You have to love any film that has a genetically-engineered raccoon(-like creature, according to Gunn, who denies that he's strictly a raccoon) toting a gun that’s bigger than he is. Rocket, voiced enthusiastically here by Bradley Cooper, has a chip on his shoulder as well as this bazooka thing, and proves rather gung-ho, to put it mildly. Gunn’s on record as saying that the film rises or falls depending on how much the audience loves Rocket, so it’s a good thing he looks so interesting in this trailer. Said Gunn on Facebook recently: “He's a mean little mangled dude with an enormous gun and a very horrible spaceship. Yes, he is badass.”
Here’s a quick hit of Groot throwing henchmen around; Gamora facing off against Karen Gillan’s Nebula (there’s a better shot of that later) and Drax, in the Kiln, facing off against, well, everybody. We suspect that’s secretly the way he likes it.
Lee Pace’s big bad has been variously described – by the actor himself – as a “psycho”, a “monster” or simply as “evil”. Given that actors are usually at pains to find the human side to their characters and emphasise that they're merely misunderstood, this means he must be really bad. A member of the Kree, who are a generally militaristic race and a bit on the imperialist side at the best of times, Ronan’s personal philosophy could not be further removed from the anti-authoritarian Guardians. We predict a clash of cultures and scenes of moderate violence.
Look at the distrust on display here; we’re saying that this is early in the working relationship of the Guardians. The hook that gets them all together is this McGuffin, which they’re all after for different reasons, but it looks like it might not keep them together on this evidence. Also, this is a good look at Drax’s tattoos, although really they’re more like decorative scars. Ouch.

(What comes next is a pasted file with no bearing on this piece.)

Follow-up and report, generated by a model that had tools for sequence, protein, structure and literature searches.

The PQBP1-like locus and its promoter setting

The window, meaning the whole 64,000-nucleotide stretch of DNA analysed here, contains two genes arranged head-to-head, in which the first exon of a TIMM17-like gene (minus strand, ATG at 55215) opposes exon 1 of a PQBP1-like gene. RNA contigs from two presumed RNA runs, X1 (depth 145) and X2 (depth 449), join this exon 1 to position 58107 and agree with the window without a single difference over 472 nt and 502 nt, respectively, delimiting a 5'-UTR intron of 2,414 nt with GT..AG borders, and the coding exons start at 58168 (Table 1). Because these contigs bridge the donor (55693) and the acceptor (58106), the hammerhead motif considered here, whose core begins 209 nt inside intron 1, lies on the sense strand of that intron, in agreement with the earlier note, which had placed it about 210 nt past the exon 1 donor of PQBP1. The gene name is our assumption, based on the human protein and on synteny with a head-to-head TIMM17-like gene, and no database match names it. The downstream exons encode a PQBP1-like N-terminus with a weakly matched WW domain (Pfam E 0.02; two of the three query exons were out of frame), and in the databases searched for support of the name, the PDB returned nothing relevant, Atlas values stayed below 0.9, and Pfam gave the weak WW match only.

Look at the star shape on the ground here: that’s the symbol associated with Nova Corps, sort of an intergalactic police force who are at best agnostic on the wisdom of working with the Guardians (and at worst liable to arrest them). Their home base is on the sunny planet of Xandar, and it would appear that the Corps, or Xandar, has become an obstacle to Ronan’s plans. How do we know? Because that big black hulking ship in the foreground is his Dark Aster, and it would appear that Xandar is in for a bad day.
That’s Nebula bringing Ronan his weapon of choice, a weird sort of hammer / staff / doorstop. It looks a little like Thor’s hammer, but is self-evidently not as picky about its users. You can also see here that Ronan’s preferred decorative style is “monolithic” or possibly “necromantic”. He’s a guy who has committed to his look in starship décor as well as in fashion.
This is Glenn Close’ Nova Prime (i.e. leader) Irani Rael. When she’s not arranging her hair in an intricate but awesome manner, she is horrified by the prospect of trusting her planet’s defence to a bunch of criminals. Fair point, really. Interestingly, in the comics the planet of Xandar has a “Worldmind” controlled by “Living Computers” that recruit people for Nova Corps when it feels under threat. It also generates “Nova Force” that the Corps can all access, in levels commensurate to their rank, but we’re not sure whether that will translate to the screen. Perhaps it will, since being craze-balls is absolutely no barrier to appearing in this particular comic-book adaptation.
This is Ronan’s flagship (the gigantic black block) releasing a flock of smaller craft called Necrocraft on the planet below. Now “necro” is a root word coming from the Greek for “corpse”, so we’re saying that’s bad news for whoever they’re going after. That, or Ronan's merely hosting a mass funeral and it's all a horrendous misunderstanding.
The Guardians get together in prison – which seems about right – and here they are in prison duds. Given the guns that Quill and Rocket are holding, and the fact that we see a terrified guard after this, this would seem to be part of a prison break. Unless this is a very progressive prison that likes to let the inmates keep up their target practice. That seems unlikely.
This is one of the movie’s coolest locations – and for a film with a real commitment to demented space places, that’s saying something. This is the dead skull of the Celestial we mentioned before, perhaps killed during that race’s war with rivals called the Aspirants. Now, however, it’s a home from home for lots of ne’er-do-wells, shady types and the chronically shy (we assume). The gross little bit of protruding spine is a nice touch, isn’t it?